The microflora of Cane Branch of Beaver Creek in McCreary County, Kentucky, which drains an area that was strip-mined between 1955 and 1959, was studied and compared with that of Helton Branch which drains a comparable area where there has been no mining. Differences include: the establishment of Ferrcbacillus ferrooxidans, for which procedures were developed for direct colony isolation from the stream; fewer saprophytic bacteria; more numerous and more diversified filamentous and unicellular fungi; and characteristic differences in algal flora. Representatives of 42 genera of filamentous fungi were identified. Of these, 21 were isolated only from Cane Branch. Representatives of five genera of unicellular fungi were found. One, Rhoclotorula, was found consistently in Cane Branch but never in Helton Branch. From 1966 to 1968, Bumilleria appears to have established itself as the dominate alga in Cane Branch at same distance downstream from the strip-mine drainage area, Seasonal differences in the microflora appear to be relatively insignificant, except for the algae.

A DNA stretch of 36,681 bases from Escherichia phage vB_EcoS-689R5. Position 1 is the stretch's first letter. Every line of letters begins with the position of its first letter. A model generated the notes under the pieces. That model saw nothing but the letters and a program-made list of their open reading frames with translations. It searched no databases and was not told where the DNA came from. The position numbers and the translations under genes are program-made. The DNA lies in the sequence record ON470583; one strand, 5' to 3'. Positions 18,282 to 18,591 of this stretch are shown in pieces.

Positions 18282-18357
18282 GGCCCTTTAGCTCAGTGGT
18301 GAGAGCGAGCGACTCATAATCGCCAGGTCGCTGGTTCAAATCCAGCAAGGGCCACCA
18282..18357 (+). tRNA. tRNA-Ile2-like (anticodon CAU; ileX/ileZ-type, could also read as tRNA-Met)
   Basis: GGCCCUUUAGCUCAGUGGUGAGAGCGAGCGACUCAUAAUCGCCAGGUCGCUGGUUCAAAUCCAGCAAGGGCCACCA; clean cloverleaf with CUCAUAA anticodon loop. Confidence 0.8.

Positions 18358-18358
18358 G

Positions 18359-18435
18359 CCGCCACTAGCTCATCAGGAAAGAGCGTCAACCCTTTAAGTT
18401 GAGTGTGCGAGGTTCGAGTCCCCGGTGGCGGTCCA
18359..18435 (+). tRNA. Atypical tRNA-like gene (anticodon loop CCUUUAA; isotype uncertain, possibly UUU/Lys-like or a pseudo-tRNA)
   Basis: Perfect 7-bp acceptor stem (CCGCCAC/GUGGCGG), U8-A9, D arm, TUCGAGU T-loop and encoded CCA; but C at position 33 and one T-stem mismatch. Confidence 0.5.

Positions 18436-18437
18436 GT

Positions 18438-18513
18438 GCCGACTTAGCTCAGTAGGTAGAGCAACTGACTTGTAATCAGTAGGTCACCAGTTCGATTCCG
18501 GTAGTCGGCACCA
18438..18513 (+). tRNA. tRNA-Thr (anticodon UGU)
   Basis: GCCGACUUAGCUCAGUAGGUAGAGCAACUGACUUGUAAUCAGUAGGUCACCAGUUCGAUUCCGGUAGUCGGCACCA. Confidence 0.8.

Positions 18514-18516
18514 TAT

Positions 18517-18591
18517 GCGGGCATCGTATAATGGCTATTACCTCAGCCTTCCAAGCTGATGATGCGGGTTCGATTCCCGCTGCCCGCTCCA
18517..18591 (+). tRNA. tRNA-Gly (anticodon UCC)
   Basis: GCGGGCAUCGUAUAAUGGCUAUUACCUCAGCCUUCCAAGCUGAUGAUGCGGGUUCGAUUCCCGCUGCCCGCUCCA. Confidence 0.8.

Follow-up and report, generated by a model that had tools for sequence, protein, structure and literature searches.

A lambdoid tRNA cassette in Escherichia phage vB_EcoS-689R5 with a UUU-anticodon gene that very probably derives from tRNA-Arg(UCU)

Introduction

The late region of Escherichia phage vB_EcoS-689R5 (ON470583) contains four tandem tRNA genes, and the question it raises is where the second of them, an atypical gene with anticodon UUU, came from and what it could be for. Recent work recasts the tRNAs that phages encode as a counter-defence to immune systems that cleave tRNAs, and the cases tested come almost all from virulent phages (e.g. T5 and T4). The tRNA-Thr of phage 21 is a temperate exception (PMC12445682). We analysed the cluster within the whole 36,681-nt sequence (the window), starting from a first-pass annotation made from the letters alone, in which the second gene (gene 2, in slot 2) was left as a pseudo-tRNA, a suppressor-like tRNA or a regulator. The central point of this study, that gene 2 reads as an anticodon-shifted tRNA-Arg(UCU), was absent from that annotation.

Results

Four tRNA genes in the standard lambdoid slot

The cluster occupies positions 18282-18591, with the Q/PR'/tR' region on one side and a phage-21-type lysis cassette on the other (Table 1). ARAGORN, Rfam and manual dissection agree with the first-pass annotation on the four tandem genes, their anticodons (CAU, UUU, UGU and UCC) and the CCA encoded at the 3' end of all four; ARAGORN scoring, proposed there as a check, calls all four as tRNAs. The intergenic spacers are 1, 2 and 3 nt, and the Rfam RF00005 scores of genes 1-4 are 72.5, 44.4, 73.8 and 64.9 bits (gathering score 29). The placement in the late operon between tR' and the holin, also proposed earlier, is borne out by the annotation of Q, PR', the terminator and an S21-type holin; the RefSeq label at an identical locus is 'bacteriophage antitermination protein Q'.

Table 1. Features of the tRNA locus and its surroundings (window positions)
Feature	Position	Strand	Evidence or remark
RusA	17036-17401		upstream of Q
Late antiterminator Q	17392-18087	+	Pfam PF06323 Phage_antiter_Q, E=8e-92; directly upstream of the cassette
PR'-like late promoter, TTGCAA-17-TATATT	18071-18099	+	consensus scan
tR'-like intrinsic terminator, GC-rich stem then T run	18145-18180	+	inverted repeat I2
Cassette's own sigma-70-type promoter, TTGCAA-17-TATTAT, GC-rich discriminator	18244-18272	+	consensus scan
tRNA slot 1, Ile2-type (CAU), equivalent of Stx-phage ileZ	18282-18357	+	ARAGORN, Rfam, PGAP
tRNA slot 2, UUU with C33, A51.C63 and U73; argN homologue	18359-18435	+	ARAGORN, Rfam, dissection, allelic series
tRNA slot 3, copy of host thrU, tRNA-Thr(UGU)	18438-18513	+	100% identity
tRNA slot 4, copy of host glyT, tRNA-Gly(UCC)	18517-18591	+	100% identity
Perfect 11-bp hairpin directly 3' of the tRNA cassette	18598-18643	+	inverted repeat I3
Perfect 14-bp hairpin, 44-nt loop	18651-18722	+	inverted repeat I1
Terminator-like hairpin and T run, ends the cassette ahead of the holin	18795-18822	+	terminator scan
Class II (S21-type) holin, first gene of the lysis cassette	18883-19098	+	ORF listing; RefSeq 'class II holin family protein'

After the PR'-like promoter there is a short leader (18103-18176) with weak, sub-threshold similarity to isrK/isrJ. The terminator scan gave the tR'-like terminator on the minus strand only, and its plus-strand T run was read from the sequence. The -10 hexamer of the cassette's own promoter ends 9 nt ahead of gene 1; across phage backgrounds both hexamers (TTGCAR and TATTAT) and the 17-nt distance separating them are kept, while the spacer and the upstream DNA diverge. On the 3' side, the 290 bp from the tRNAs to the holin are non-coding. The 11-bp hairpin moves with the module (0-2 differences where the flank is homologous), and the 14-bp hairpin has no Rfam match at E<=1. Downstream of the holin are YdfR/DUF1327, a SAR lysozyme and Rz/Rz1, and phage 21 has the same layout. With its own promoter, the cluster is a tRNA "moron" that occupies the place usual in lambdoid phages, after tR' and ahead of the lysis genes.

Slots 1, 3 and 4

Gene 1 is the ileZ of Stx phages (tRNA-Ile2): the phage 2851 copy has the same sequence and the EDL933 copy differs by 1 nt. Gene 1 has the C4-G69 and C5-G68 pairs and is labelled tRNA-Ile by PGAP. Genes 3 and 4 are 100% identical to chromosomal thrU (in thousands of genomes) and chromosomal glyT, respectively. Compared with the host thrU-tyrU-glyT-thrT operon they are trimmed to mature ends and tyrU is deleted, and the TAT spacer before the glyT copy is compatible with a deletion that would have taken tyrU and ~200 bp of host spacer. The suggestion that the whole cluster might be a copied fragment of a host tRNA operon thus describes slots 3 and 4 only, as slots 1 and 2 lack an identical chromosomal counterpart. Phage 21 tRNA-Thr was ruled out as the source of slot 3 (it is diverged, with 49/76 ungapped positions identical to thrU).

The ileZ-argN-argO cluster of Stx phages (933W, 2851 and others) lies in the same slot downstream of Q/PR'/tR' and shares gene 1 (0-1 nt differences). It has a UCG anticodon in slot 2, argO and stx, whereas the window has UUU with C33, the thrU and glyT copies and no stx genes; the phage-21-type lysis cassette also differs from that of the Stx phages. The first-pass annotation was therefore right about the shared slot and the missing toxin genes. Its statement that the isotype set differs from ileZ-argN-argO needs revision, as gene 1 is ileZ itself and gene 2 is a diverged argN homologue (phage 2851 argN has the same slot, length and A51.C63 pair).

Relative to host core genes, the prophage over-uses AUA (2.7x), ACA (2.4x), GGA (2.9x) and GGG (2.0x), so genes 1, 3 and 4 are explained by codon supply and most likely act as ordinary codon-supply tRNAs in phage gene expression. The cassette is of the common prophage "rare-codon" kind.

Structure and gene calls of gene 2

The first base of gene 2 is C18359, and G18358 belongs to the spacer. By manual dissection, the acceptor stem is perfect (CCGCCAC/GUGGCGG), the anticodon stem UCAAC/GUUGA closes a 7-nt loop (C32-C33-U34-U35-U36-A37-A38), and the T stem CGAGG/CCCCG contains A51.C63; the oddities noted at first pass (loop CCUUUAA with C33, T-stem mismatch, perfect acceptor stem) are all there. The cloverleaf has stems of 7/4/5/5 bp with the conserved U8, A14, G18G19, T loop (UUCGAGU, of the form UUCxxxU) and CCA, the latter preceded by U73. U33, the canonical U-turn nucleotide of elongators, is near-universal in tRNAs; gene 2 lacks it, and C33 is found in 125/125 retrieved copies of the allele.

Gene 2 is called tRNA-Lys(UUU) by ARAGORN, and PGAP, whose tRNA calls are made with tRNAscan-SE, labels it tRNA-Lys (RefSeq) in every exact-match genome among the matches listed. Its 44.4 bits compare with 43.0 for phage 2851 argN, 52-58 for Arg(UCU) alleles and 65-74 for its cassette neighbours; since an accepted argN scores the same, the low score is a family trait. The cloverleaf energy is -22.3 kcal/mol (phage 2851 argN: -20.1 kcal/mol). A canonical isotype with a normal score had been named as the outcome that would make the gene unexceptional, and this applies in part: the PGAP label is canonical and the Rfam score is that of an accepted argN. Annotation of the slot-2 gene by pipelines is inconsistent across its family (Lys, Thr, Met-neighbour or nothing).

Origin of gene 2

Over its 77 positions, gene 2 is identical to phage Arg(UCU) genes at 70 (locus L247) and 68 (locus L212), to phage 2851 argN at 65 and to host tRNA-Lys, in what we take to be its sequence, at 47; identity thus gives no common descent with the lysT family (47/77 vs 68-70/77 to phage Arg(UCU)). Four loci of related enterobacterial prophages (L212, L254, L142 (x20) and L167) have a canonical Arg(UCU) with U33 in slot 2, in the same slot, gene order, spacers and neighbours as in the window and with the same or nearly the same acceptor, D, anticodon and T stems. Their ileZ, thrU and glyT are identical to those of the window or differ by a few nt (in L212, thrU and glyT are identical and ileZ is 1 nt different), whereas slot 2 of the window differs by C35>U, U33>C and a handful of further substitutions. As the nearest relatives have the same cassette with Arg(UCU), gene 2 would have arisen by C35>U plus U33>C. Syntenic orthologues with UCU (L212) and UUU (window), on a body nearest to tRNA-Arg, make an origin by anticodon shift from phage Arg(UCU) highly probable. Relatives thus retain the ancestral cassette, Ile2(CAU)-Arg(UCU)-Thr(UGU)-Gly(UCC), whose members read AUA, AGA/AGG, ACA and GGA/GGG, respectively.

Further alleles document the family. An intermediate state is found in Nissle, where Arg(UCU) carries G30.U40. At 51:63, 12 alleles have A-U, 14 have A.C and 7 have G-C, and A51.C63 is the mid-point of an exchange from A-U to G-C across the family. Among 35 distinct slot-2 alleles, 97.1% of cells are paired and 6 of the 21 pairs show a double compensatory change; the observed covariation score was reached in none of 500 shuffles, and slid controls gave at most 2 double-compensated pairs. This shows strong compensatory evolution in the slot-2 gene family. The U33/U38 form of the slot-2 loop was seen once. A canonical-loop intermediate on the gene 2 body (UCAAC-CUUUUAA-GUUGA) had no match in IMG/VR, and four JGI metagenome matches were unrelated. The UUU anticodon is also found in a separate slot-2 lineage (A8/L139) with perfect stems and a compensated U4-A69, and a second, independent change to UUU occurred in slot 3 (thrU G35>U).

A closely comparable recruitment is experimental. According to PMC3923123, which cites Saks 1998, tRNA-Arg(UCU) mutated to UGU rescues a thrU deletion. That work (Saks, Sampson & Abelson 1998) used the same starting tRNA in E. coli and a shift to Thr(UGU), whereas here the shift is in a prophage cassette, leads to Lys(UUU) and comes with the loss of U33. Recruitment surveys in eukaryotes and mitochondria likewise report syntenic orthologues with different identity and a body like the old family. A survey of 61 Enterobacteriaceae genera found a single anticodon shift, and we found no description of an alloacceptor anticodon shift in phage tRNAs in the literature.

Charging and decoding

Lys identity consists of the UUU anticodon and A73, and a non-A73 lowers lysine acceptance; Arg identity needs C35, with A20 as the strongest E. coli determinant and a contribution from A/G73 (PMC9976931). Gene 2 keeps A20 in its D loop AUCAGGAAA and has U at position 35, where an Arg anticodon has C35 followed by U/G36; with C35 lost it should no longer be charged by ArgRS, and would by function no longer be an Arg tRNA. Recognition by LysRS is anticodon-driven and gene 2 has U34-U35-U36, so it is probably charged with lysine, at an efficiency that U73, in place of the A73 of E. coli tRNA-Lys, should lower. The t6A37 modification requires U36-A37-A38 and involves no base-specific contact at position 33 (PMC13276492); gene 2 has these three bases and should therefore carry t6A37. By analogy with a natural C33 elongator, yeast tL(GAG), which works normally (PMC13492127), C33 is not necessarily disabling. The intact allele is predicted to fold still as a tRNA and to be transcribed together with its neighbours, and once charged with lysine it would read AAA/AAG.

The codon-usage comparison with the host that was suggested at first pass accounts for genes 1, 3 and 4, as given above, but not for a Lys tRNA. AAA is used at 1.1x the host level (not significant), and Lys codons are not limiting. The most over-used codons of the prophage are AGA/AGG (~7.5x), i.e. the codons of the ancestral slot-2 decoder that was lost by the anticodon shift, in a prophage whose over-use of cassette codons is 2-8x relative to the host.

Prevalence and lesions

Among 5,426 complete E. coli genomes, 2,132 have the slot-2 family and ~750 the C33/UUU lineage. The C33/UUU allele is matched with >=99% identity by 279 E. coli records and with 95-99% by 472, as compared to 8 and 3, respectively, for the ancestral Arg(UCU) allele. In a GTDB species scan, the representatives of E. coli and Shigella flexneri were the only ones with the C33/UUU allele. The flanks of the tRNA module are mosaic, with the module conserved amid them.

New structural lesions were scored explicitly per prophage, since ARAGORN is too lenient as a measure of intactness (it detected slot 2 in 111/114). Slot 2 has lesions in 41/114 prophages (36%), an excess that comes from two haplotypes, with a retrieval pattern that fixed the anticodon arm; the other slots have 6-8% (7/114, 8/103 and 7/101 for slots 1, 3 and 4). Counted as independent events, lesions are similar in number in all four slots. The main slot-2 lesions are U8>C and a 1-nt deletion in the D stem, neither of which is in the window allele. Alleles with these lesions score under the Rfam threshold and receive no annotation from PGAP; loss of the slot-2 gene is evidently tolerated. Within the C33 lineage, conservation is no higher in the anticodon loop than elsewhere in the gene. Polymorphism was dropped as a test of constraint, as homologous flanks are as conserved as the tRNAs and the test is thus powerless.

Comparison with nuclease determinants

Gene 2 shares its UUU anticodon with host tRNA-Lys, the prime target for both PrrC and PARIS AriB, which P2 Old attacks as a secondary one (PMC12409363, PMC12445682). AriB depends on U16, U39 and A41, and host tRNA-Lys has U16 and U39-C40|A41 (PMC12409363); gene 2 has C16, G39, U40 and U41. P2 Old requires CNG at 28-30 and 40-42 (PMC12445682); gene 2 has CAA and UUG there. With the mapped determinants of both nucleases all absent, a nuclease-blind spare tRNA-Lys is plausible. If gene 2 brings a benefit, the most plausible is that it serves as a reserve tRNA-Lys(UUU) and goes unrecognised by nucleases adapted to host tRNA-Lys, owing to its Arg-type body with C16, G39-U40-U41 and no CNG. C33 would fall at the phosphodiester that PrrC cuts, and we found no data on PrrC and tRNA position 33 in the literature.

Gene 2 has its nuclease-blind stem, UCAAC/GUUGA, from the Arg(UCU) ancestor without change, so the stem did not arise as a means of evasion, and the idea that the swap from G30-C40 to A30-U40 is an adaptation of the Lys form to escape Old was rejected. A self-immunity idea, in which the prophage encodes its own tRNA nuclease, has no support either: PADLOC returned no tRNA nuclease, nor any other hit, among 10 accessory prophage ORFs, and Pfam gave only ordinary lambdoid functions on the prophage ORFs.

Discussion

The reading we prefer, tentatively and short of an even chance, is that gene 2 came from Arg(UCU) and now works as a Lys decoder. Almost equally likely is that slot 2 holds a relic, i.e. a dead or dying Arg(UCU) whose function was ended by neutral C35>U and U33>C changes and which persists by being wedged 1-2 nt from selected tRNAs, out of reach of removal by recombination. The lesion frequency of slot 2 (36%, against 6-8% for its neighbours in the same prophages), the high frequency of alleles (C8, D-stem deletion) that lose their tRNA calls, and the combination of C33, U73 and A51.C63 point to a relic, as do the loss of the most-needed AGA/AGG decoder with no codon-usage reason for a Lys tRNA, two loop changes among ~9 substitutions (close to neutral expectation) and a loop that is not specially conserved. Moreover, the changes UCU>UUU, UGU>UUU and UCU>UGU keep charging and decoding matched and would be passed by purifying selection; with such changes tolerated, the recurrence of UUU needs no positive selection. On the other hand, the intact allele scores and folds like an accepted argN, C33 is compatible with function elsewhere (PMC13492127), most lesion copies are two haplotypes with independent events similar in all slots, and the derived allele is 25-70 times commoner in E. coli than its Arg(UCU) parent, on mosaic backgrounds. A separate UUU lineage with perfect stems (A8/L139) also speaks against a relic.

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The work upon which this report is based was supported in part by the United States Department of the Interior, Office of Water Resources Research, as authorized under the Water Resources Research Act of 1964.
Weaver, Ralph H. and Nash, Harry D., "Ecological Study of the Effects of Strip Mining on the Microbiology of Streams" (1968). KWRRI Research Reports. 175.